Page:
Method 1: remove the thick stem and place a few greens on top of each other (stacked), roll them horizontally, and cut into small pieces.

Method 2: remove the thick stem and fold the greens in half and tear them into small pieces.

I prefer method 1 because they look so pretty when they are perfectly cut, but I usually end up tearing them.

Step 3 – Cooking the meat

So traditional Southern greens have some type of meat such as smoked turkey necks, legs, tails and of course ham hocks. We are using smoked turkey tails in this recipe but you can use whatever you prefer, you just want a meaty cut of smoke meat. So start off by rinsing your smoked turkey tails with cold water. I found these at Wegmans and they came 4 per pack. Once I’ve have rinsed them, they go into a large pot and I cover with water.  Then you will place the lid on and cook on medium high for 30-35 minutes or until they are fork tender. Carefully remove the meat from the pot and use 2 forks to pull the meat off the bone. 

Collard greens with smoked turkey

Step 4 – Cooking the greens

Add the oil, brown brown sugar, Worcestershire Sauce, vinegar, greens, onions, and about 4 and 1/2 cups of water to the pot. Add the smoked turkey meat back into the pot and stir everything together.  Let the greens cook down for about an hour and a half and then add the dry seasonings. Cook for another 30 minutes and they are done. Drizzle some hot sauce on them for extra heat and enjoy!

Collard greens with smoked turkey

 

Yield: 8-10 servings

Collard greens with smoked turkey

Collard greens with smoked turkey

Easy Southern style collard greens made with smoked turkey tails!

Prep Time 45 minutes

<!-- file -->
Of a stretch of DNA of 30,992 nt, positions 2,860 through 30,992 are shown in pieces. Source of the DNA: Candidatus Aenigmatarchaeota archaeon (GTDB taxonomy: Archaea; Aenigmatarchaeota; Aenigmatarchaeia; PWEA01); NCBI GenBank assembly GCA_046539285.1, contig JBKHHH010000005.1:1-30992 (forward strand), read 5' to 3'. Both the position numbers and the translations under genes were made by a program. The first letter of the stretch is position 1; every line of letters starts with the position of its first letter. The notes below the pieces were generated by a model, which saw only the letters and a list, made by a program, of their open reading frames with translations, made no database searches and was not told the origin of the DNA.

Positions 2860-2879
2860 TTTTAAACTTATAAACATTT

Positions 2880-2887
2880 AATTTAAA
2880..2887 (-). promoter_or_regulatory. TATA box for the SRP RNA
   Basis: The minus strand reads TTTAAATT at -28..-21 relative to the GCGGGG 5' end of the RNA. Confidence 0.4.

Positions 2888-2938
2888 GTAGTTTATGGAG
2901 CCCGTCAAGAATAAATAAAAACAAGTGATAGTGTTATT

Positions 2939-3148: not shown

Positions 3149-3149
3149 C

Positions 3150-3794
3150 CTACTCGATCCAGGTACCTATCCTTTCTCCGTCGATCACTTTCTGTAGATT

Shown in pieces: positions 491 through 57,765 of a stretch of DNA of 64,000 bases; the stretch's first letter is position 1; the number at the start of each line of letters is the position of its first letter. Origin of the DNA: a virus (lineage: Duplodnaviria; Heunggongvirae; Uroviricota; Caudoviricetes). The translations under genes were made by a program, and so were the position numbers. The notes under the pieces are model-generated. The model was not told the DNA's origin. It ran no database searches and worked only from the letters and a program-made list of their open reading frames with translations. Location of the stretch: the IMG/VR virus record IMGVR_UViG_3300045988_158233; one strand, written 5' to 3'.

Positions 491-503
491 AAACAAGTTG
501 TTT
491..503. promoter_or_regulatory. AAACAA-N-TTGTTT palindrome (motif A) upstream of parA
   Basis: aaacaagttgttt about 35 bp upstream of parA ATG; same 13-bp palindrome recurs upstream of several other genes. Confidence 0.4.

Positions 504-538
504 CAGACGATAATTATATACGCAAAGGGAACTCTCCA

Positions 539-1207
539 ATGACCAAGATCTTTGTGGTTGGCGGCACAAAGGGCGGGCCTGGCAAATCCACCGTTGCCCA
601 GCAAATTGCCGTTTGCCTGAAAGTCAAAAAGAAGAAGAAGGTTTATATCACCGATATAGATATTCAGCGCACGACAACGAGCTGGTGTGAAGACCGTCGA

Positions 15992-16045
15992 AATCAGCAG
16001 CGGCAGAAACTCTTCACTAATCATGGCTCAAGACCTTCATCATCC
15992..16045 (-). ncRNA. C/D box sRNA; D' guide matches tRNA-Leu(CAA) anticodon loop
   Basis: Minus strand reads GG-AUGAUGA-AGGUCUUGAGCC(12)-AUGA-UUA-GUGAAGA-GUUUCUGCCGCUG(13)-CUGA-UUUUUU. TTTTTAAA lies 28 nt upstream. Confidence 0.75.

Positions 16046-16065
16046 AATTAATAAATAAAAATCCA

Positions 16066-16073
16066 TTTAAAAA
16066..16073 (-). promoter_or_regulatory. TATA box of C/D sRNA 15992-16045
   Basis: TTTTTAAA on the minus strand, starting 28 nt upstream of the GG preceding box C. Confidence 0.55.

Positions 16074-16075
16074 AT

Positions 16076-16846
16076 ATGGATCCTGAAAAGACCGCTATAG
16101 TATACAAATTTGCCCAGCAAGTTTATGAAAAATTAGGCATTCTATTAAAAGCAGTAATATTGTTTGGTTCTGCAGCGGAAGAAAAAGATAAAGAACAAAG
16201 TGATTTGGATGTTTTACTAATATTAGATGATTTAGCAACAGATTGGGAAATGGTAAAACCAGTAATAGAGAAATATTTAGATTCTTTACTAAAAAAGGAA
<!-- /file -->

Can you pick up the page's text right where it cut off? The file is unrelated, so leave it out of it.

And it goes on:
Cook Time 2 hours
Total Time 2 hours 45 minutes

Ingredients

  • 6-8 smoked turkey tails
  • 5 bunches collard greens
  • 4 and 1/2 cups water
  • 1 small onion, diced
  • 1 tablespoon oil (vegetable, avocado, bacon grease, use whatever you have)
  • 2 tablespoons light brown sugar
  • 1 tablespoon Worcestershire sauce
  • 2 teaspoons apple cider vinegar
  • 1 teaspoon garlic powder
  • 1 teaspoon smoked paprika
  • 1 tablespoon creole seasoning
  • 2 teaspoons crush red pepper

Instructions

  1. Rinse the smoked turkey tails and place them in large pot with just enough water to cover the turkey tails. Place the lid on the pot and cook on medium heat until the turkey tails are tender, about 35 minutes.
  2. Remove the smoked turkey from the pot and using 2 forks, remove the meat from the bone, set aside.
  3. Add the collard greens, diced onion, smoked turkey meat, and water to the pot. Pour the water in along the sides of the pot.
  4. Add the oil, brown sugar, Worcestershire sauce, and apple cider vinegar to the pot and stir everything together, cover the pot and cook the greens on medium hear for 1 hour and 30 minutes.
  5. Add in the dry seasonings, mix well and cook for another 30 minutes or until tender and enjoy!
Source: https://whatscookingamerica.net/Vegetables/CollardGreens.htm